A split in the Democratic Party over whether or not to raise the minimum wage to $15 an hour has cost Senator Bernie Sanders and the radicals a victory. The margin of victory suggests the issue is dead, at least for the next two years.
The vote was 58 against, 42 in favor. All 50 Republicans voted against it as well as eight Democrats, leaving much of Joe Biden’s agenda in doubt. Biden will need at least 60 votes to break any GOP filibuster on legislation like the Green New Deal and Medicare for All.
That’s why the radicals are screaming at the president to help them get rid of the filibuster. But it may not even matter. The eight defecting Democrats suggest that Biden is going to need at least a handful of Republicans if he even wants a majority of much of his legislative agenda passed.
The Senate parliamentarian had ruled that the wage increase could not be added to the bill and approved by a simple majority of senators despite House passage of the provision last week. After Senate Democrats stripped it from the Covid package, a group of progressive senators led by Bernie Sanders (I-Vt.) forced a vote on the policy change anyway.
That vote remained held open Friday afternoon at a tally of 42-58 while senators negotiated on other issues. But it already showed that even though the Democratic caucus overwhelmingly supports the effort of gradually raising the wage floor to $15, raising the wage faces significant hurdles within the party.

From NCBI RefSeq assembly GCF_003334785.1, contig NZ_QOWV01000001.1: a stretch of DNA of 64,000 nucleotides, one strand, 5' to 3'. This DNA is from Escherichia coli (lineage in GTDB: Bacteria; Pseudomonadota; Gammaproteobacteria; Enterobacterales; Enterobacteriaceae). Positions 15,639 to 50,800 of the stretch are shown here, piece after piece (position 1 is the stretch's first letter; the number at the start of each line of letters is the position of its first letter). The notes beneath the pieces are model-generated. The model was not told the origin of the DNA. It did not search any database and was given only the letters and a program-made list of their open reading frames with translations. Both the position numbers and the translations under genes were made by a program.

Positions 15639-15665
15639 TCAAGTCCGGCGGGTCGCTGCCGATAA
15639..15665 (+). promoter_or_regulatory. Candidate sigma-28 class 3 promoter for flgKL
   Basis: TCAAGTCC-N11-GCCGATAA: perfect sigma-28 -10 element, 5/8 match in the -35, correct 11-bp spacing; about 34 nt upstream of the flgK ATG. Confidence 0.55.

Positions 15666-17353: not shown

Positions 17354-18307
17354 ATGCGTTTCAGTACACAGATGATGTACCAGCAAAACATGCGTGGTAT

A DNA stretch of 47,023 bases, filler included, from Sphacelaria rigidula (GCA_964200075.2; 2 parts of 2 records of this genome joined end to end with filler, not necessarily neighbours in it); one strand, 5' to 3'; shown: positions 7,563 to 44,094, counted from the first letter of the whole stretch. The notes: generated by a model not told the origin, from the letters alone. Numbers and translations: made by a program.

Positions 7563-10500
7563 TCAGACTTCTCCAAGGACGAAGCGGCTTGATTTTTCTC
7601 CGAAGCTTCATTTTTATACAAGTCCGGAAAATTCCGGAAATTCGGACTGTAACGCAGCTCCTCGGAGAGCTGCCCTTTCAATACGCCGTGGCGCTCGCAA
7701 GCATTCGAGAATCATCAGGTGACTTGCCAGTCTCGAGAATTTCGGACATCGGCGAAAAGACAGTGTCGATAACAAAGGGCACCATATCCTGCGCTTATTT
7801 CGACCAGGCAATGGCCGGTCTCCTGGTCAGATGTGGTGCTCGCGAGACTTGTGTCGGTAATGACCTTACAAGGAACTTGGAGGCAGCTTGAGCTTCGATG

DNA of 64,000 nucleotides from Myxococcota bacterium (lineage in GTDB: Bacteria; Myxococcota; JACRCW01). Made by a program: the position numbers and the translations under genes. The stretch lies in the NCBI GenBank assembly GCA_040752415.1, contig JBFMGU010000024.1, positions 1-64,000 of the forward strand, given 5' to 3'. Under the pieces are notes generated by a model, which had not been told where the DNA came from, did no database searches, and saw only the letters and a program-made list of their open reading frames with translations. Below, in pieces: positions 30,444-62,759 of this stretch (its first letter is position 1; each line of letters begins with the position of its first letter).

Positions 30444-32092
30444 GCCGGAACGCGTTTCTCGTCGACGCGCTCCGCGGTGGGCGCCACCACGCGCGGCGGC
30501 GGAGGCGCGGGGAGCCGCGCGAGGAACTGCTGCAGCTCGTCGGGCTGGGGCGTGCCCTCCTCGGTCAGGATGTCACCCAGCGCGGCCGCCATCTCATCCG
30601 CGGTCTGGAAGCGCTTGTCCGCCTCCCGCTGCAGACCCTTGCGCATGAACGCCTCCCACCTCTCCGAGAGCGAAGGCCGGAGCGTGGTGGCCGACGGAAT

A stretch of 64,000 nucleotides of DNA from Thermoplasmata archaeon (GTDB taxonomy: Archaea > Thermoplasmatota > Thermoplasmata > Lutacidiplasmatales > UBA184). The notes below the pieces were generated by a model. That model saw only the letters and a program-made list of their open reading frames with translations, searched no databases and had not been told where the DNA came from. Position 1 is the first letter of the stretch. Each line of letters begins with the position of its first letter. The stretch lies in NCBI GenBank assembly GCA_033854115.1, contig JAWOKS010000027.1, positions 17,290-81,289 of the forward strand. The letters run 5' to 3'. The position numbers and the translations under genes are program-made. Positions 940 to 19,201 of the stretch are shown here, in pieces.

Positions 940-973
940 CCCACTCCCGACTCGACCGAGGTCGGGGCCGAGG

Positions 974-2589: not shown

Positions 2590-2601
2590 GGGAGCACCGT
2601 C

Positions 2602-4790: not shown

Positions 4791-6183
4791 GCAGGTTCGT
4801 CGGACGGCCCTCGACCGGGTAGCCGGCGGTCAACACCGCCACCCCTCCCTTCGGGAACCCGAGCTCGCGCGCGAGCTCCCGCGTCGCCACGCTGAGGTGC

The eight defectors had varied reasons for their opposition.
Democratic Sens. Joe Manchin of West Virginia, Jon Tester of Montana, Jeanne Shaheen of New Hampshire, Kyrsten Sinema of Arizona and Maggie Hassan of New Hampshire voted against proceeding, though the tally remains open. So did two close Biden allies, Chris Coons and Tom Carper of Delaware. Sen. Angus King (I-Maine), who caucuses with the Senate Democrats, also opposed it.
Sinema indicated that she supports raising the wage, which last increased in 2009, because she understands “what it is like to face tough choices while working to meet your family’s most basic needs.” But she said a standalone debate on the issue made more sense than putting it in a coronavirus relief package.
Those Democrats are mostly from swing states with the exception of Coons and Carper, who are from Joe Biden’s home state of Delaware. The state is well known as a corporate haven and business-friendly. But both Coons and Carper indicated support at some future date.
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“I have backed a $15 minimum wage on the federal level for years,” Carper said in a statement after the vote. “At a time when our economy is still slowly recovering, though, policymakers have a responsibility to be especially mindful of the fragile state of small businesses all across this country – many of which are fighting just to stay open during this unprecedented crisis.”
“Every Democrat and many Republicans agree that the federal minimum wage of $7.25 is too low and has been for too long,” Coons said. “It has to be raised. President Biden has called for us to raise it to $15 an hour. I will work with my colleagues on legislation to raise the minimum wage and index it annually.”
Might a stand-alone bill succeed? It’s safe to say nothing will happen on the minimum wage until the economy is well on its way to recovery. Sanders and the radicals wanted the U.S. to commit economic suicide by jacking up wages with small businesses flat on their backs.
The real danger is that this issue may prove to be the catalyst that motivates Senate Democrats to rid themselves of the filibuster. Joe Biden, a creature of the Senate, understands the traditions of the Senate and the importance the filibuster has in protecting minority rights.
But many Democrats in the Senate are sick and tired of all this democracy stuff and want a government that runs roughshod over the political minority. It’s a recipe for tyranny and Republicans will fight it to the end.